Danger: Airplane Crossing

Controlling airplanes on the ground is a thornier problem than controlling them in the air.

Who's at fault when airplanes cross paths where they're not supposed to? Controllers, pilots, and even the Federal Aviation Administration share the blame. (Paul Dimare)
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Pilots sometimes refer to travel between the runway and an airplane’s parking spot as “the forgotten phase of flight”—and many consider it the most demanding. Sweeping tarmac disappears into the horizon, especially at night, when airfields become a sea of blue taxiway lights. Sophisticated instruments that help pilots navigate in the air offer scant help on the ground, leaving air crews to find their way with little more than paper maps. Pilots must combine what they see out the window with their map of the airport to figure out where they are, at the same time they’re communicating with their airline and ground control and maneuvering the airplane. “There are points when [successful communication] doesn’t happen, and that’s how we end up with incursions,” says Rick Shay, a United Airlines pilot. Experts call the lapses “loss of situational awareness.”

While high-end automobiles now carry color electronic maps that display the car’s location on roads and highways, “we don’t have that in our cockpits,” says Terry McVenes, a US Airways captain who leads safety efforts for the Air Line Pilots Association.

David Foyle, who studies incursions at NASA’s Ames Research Center in California, recalls sitting with two pilots in the cockpit of a NASA Boeing 757 at a three-way intersection at Atlanta’s Hartsfield-Jackson International Airport a few years ago. The pilots couldn’t agree on which way to go. “They stopped the airplane and they started arguing about it,” Foyle says. The airplane was already past signs for the intersection, and the pilots had no way to tell on their own where they were. It turned out neither pilot was right.

It doesn’t help that many busy airports were not designed for today’s booming air traffic, says Paul Erway, the FAA’s acting director of runway safety. As incursions multiplied, the FAA increased training for controllers and launched campaigns to educate pilots. That has helped, says Erway. What’s left are a stubborn few errors that may never be eliminated as long as people are involved.

“Because we’re human, we’re going to make mistakes,” he says. “What we’re looking at now is modifying the system so the inevitable human error doesn’t result in catastrophe.”

Los Angeles International Airport has recorded more than 40 runway incursions since 2001. The cramped airport layout, dating to the 1950s, forces airplanes to cross two inner runways and two parallel outer runways to go between terminals. Aircraft cut across the inner runways roughly 900 times a day. Twice last year, controllers told pilots to stop before crossing and heard the pilots repeat the instructions back, only to see the pilots go across the runway anyway—into the paths of airplanes that were taking off. Almost every day, says Michael Foote, an air traffic controller at LAX, at least one pilot does not follow his instructions.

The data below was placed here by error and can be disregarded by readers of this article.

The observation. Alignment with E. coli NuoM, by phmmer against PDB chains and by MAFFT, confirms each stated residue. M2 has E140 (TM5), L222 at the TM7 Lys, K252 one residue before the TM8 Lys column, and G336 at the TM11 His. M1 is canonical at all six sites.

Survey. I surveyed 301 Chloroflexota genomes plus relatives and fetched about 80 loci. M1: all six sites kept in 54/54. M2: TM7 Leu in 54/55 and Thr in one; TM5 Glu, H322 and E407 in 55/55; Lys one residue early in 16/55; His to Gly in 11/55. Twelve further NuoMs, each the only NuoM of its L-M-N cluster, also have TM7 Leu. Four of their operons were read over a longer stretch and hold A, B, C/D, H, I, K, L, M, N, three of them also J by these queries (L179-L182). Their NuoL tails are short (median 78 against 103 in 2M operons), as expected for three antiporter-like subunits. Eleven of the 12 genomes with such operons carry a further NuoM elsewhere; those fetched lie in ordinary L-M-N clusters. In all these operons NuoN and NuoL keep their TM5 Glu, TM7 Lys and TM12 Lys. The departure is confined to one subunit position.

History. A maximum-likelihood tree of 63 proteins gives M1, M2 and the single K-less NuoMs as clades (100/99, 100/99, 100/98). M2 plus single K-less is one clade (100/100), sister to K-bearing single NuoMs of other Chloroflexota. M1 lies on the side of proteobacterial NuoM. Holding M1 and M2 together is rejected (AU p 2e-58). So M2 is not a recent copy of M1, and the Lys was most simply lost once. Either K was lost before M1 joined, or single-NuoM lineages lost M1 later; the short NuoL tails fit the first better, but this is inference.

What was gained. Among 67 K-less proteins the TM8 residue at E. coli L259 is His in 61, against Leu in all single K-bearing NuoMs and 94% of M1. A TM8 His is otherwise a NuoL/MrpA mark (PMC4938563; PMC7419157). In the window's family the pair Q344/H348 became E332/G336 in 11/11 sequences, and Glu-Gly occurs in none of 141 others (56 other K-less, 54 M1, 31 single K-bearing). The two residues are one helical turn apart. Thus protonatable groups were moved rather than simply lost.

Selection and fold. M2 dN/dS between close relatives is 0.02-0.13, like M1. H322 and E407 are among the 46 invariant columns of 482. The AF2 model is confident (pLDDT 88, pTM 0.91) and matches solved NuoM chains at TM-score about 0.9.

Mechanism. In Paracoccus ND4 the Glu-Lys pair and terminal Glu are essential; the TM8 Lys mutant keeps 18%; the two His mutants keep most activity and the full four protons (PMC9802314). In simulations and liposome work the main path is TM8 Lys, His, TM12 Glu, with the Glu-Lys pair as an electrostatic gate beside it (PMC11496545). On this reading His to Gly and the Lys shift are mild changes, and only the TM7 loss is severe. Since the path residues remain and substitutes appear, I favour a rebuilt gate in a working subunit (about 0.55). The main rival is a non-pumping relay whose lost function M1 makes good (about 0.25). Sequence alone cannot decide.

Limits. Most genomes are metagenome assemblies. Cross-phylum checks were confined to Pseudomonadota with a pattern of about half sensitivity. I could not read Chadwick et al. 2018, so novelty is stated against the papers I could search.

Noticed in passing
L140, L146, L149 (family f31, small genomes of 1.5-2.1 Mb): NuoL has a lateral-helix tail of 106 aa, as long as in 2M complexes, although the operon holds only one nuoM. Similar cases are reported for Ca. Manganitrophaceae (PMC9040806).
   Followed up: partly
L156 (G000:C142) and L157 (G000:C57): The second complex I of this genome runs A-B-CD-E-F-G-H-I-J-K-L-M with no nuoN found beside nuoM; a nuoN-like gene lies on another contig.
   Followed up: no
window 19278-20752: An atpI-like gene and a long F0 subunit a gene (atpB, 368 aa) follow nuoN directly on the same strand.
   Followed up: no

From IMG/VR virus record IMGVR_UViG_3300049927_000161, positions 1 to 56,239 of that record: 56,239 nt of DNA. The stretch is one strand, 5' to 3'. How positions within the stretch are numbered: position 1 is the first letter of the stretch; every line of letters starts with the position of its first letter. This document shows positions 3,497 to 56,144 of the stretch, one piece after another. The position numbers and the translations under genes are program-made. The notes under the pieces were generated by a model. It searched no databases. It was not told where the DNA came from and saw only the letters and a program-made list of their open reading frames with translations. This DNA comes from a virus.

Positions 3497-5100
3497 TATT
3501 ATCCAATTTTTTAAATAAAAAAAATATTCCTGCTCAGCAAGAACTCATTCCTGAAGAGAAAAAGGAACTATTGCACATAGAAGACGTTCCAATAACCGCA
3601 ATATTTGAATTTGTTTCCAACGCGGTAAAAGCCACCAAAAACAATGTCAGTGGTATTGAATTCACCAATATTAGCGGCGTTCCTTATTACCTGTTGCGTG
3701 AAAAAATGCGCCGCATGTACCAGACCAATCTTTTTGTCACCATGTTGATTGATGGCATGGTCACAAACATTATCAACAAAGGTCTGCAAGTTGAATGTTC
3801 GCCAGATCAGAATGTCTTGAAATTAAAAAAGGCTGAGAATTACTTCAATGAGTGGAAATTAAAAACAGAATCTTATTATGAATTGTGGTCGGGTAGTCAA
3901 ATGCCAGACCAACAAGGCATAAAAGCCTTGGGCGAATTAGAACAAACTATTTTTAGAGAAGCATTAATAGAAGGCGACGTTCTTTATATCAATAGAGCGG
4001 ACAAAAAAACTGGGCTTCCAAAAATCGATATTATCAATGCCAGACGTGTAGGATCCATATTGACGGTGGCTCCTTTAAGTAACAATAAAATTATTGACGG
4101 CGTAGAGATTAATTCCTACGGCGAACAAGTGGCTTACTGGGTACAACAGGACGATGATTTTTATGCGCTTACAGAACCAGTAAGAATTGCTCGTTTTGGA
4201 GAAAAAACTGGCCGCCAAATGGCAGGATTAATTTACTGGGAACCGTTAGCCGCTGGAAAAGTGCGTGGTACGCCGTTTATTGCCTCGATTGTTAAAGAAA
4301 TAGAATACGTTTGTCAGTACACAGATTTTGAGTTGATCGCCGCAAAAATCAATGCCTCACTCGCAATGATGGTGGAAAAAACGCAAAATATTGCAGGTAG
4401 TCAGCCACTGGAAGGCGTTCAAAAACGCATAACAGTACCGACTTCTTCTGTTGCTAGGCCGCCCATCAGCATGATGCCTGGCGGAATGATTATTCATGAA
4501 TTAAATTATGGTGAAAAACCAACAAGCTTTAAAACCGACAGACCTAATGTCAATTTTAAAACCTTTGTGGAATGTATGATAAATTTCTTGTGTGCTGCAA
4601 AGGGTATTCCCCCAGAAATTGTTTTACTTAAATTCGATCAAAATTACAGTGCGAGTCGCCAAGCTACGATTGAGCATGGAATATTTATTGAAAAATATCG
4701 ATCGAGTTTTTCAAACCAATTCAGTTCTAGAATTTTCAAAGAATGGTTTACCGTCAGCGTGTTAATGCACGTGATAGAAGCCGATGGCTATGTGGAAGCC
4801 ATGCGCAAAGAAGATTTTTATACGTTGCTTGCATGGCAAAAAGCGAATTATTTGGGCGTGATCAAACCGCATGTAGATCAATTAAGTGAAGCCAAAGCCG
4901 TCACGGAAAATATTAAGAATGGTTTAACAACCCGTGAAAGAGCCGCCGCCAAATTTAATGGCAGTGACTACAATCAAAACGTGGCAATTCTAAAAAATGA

In one incident, the pilot of a departing commuter jet can be heard on air traffic control tapes gasping for breath after a British Gulfstream jet crossed in front of him, forcing him to jam on the brakes, even though controllers twice told the Gulfstream not to proceed. The commuter’s brakes took 40 minutes to cool down.

The risk of collisions rises roughly twice as fast as the growth in air traffic, according to Arnold Barnett, a professor at the Massachusetts Institute of Technology’s Sloan School of Management. That’s because as more airplanes travel through airports, risk rises in two ways. First, more aircraft are likely to stray into the wrong place. Second, more airplanes make it more likely a straying aircraft will collide with another one. The top 32 busiest U.S. airports already log about twice as many close calls as others.

Based on FAA projections of increases in air traffic, Barnett calculates that, if nothing is done, by the early 2020s, U.S. airports could experience about 15 fatal accidents, killing as many as 700 to 800 people. The low number of major accidents so far indicates that for airplanes to hit each other, errors must happen at precisely the wrong time—and that’s rare. “Not only do people have to make mistakes, but you also have to have really bad luck for a collision to occur,” Barnett says.

Catastrophes have already struck. On a foggy runway on Tenerife, one of the Canary Islands, in 1977, the pilot of a KLM Boeing 747 apparently misunderstood air traffic control instructions and accelerated into a Pan Am 747 taxiing along the airport’s single runway. Everyone on the KLM jumbo and most on the Pan Am airplane died—583 in all.

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